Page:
For a half century, we’ve been hosed. We’ve been told that Amtrak is a national system. Hate to tell you folks, a once-daily short train from Chicago to New York/ Boston, and a once-daily short train from Chicago to Washington DC, isn’t a national system. It’s a disgrace.

    I don’t want Amtrak to go the way of VIA Rail Canada, which is a fraction of what it was at its hopeful start-up. I don’t want that. But don’t be all that surprised if it comes to pass. If Canada’s ultra-liberal government can’t provide a decent passenger rail system, America’s divided government with something of a Republican presence won’t either.

  4. The hearings should also focus on what Amtrak is doing for the rest of the rail network nationwide. Amtrak is expected to serve all 48 states in the continential United States not just the Northeast Corridor which Amtrak seems so focused on.
    Gardner and his merry band of bumblers have a lot to answer to equipment shortages, lack or curtailing of train service on many routes especially the long distance routes as well as their fixation on the Northeast Corridor at the expense and sacrifice of the rest of the nationwide network and their inept way of ordering new equipment from manufacturers that don’t work or perform poorly and that brings us to another issue involving Amtrak’s precious NEC The new Acela Express trainsets that should have by now been in service since 2021 are now been delayed until next year 3 years late and counting. Yes Gardner and his gang have a lot to answer for Lets hope the committee doing this hearing have the guts and persona to hold them accountable and demand honest straight forward answers and credible solutions to how they plan to fix the mess that was created and each day that this goes on only puts Amtrak and passenger rail travel deeper in the hole and drives away any potential new business and riders that would come on board and not drive them away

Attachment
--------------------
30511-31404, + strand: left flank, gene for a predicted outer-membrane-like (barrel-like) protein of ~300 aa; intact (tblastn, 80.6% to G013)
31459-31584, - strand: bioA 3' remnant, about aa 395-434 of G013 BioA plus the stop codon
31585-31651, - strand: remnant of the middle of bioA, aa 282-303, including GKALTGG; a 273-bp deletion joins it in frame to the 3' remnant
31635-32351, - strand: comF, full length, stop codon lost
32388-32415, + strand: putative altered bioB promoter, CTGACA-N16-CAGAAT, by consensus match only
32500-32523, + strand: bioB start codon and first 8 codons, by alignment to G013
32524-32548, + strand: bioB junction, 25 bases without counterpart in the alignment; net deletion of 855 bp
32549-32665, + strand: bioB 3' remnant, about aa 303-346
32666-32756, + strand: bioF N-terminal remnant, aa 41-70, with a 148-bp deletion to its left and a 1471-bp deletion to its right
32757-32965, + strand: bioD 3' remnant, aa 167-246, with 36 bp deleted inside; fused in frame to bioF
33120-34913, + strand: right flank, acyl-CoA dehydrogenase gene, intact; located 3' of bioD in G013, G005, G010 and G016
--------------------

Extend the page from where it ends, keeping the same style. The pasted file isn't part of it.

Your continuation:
Joseph C. Markfelder

    1. Gardner will skate through this hearing and emerge without being seriously called to account for anything. He always has in the rare times he has has to give testimony. He will barrage those questioning him with numbers, his knowledge of the physical characteristics of his precious NEC that will suggest he knows just as much about the non-NEC routes, and then make fluffy and empty pledges to upgrade the LDs. He has gotten away with dynamiting his railroad in early October 2020, a dynamiting that continues to this day, because the collective knowledge of the questioners at these hearing of the rail industry, train operations, and the infrastructure needed to properly support a mix of passenger and freight trains without one stepping on the other would fit on the head of a pin with space left over. AND THEY NEVER RIDE EXCEPT MAYBE FOR RELATIVELY SHORT DISTANCES FOR A PHOTO OP. They have never experienced the good, the bad, and the ugly riding these trains, especially the LDs. As much as I hate to say it, Gardner will skate once again.

  5. I agree. The equipment shortage is a serious problem.
    Sold out long distance trains with 5 car consists is ridiculous.